The Problem With Pain Pills: A Letter to Mr. Barry Meier and The New York Times
Recently, a piece on opioid medication and chronic pain was published on the New York Times Well blog. The article, entitled The Problem With Pain Pills, focuses on author Barry Meier’s ‘expertise’ re: problems associated with pain killers. Barry Meier is the author of e-book A World of Hurt: Fixing Pain Medicine’s Biggest Mistake, which explores long term consequences of prescription pain medication, including addiction, death, additional health issues, and how pain killers often do not work for many patients.
However, Barry Meier is not a pain specialist.
In fact, he is not even a doctor.
He is a New York Times reporter. And here is what he had to say about opioid usage and “why doctors and patients resist giving them up” while talking to New York Times Well Blogger, Tara Parker-Pope.
Before I dive in, please go and read the article for yourself. I urge you to leave a comment with your thoughts or send the New York Times, Tara Parker-Pope, and Mr. Barry Meier your thoughts.
We’ve seen this before. The fear-inducing vocabulary surrounding any conversation of pain management when it involves pain killers, and of course, vast generalizations of patient groups and chronic pain as a whole. That pain killers work for some patients is rarely discussed at length, if at all.
While Mr. Meier briefly (and I mean very briefly) acknowledges that “they work well for some patients,” he is quick to discuss the side effects that come with opioid medication.
And he is right about one thing: these medications come with risks and side effects that should not be taken lightly…which is exactly why having a specialist overseeing your pain management care is vital. But where is the discussion about responsible medication use and physician oversight? Nowhere to be found in this article.
Speaking of risks, I’d like to point out that many drugs come with the risk of tolerance. Not just opioids. Tolerance is not addiction. I’d also like to point out that the side effect of fatigue is minimal compared to the fatigue many patients experience as a direct result of severe, systemic pain.
We keep having the same conversations about how opioids have risks, how they can be (or are) dangerous, how they are used incorrectly or irresponsibly, how they are abused, the list goes on and on.
But we aren’t talking about comprehensive pain management. We throw the concept out there without including medication as a part of a comprehensive pain treatment model. We aren’t talking about how to use medication as a part of a comprehensive model. We aren’t talking about patient responsibility. We aren’t talking about treating chronic pain without fear being a part of the discussion— no, I don’t mean risk assessment, I mean fear. We aren’t talking about how to use these medications responsibly. We aren’t reading about stories of people whose lives have been improved by pain medications (and commentary about how they are used responsibly) and we are not hearing from ePatients in the public media.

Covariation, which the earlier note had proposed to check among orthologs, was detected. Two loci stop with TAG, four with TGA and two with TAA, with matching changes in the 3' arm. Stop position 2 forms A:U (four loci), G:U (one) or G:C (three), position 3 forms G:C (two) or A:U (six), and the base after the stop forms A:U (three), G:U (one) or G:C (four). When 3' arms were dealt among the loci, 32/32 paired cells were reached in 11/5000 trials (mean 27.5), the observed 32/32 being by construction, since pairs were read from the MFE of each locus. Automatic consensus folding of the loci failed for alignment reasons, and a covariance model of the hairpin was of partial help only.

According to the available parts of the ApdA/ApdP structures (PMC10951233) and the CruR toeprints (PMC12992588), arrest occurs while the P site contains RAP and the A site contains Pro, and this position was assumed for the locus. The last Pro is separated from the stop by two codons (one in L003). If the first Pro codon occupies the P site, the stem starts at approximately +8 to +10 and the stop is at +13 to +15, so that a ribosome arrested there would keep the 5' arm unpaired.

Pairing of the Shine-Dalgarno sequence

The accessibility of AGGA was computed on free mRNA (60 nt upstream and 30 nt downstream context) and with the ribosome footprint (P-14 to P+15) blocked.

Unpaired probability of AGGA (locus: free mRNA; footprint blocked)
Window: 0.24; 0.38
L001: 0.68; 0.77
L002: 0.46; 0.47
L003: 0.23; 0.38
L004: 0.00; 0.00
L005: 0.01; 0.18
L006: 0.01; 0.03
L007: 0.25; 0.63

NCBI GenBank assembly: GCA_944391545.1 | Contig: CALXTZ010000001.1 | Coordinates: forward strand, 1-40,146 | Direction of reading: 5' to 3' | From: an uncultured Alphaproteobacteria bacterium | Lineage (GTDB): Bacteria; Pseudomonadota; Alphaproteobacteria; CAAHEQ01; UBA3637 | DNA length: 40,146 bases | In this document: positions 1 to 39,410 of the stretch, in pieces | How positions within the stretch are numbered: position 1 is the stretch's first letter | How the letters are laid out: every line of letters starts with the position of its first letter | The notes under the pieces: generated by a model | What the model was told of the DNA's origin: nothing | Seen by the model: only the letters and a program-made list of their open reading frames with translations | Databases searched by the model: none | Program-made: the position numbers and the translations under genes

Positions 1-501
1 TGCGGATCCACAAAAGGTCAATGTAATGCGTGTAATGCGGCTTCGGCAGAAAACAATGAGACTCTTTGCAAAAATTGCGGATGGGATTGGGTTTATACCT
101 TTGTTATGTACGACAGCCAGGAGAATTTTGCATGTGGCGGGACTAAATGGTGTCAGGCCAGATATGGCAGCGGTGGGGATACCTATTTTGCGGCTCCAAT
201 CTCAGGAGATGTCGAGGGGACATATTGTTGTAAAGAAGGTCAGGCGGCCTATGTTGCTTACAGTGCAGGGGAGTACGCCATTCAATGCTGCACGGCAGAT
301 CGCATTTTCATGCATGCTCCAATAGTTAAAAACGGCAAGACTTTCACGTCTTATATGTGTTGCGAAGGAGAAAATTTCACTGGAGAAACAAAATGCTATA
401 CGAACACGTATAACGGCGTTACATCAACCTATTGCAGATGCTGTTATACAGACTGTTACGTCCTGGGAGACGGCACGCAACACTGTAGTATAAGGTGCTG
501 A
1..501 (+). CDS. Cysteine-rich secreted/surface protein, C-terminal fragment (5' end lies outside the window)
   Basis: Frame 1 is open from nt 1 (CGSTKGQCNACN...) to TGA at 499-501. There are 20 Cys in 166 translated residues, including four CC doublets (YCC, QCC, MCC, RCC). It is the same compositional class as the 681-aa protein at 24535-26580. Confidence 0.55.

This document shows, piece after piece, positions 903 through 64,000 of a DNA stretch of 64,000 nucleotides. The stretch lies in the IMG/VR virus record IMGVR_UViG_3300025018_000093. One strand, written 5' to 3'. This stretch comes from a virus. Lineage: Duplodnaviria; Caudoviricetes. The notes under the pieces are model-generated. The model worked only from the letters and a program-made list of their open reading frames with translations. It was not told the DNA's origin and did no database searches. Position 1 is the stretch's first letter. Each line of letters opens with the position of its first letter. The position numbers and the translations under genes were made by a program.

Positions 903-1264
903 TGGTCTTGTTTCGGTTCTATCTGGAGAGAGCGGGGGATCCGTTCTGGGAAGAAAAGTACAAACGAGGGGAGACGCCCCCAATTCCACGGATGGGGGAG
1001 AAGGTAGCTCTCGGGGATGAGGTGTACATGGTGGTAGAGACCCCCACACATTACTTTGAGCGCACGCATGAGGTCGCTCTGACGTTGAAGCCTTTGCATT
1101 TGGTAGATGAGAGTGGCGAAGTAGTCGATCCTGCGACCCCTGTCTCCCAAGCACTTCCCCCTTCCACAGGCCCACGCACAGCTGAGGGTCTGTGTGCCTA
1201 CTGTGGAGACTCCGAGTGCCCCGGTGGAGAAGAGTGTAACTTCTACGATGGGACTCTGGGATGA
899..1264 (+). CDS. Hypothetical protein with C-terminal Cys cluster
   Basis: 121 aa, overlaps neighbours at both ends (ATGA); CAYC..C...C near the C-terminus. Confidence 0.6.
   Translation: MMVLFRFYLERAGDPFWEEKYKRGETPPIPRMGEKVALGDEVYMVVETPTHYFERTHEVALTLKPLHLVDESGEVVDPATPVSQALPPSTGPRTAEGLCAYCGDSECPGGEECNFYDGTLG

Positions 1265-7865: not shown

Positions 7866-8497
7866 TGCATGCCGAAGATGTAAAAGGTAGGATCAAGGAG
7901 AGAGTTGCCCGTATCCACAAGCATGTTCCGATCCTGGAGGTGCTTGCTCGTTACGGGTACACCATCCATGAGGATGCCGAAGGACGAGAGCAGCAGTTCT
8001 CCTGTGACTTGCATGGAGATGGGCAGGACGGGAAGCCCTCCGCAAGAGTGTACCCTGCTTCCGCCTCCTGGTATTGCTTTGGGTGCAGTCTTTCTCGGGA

When asked if doctors are questioning the use of opioid medications, Meier explains that "there is probably a real shift going on in the medical community” re: pain killer usage, and goes on to quote a “leading expert” (who remains unnamed) on this shift: "we thought the big problem with these drugs is addiction. Now we realize the problem is with patients who take them and basically opt out of life.”
That, my friends, is a word for word quote. Opt out of life.
While I do not doubt that some patients with some forms of chronic pain do indeed opt out of life, I’m going to go out on a limb here and say that for many of us, pain medication allows us to OPT FOR LIFE.
So what is a patient with chronic pain to do? Here is what Barry Meier suggests as an “antidote to dependence on these drugs:”
There are plenty of data suggesting that a multidisciplinary approach to chronic pain works as effectively as high-dose opioid treatment. Patients experiencing chronic pain for whatever cause will be put through a program where they receive intensive physical therapy, behavioral counseling, intensive psychological counseling.
One of the problems with chronic pain – there’s a lot of catastrophizing around it. People think this is the way it’s going to be for the rest of their life, and that they are trapped in this horrible pain and it’s only going to get worse. There is tremendous anxiety associated with that. They not only end up taking pain drugs and strong narcotics, but they take a lot of anti-anxiety medications as well.
Catastrophizing, ah. Spoken like someone who has never experienced a day of chronic, systemic pain. To touch on it adequately, I’d need a separate blog post. Who is catastrophizing here, exactly? Is it all chronic pain patients, or is it this author?
I’d be here all day if I tried to explain the kind of pain I experience on a daily basis or explain to you how many times I was told I was catastrophizing or had my pain invalidated by someone who couldn’t fathom that I functioned in spite of my pain (in part thanks to pain killers).
I would be here all day if I tried to explain how tears in the rheumatologist’s office are not always indicative of a mood-instability problem, but of a pain problem— one that is FREQUENTLY under-treated.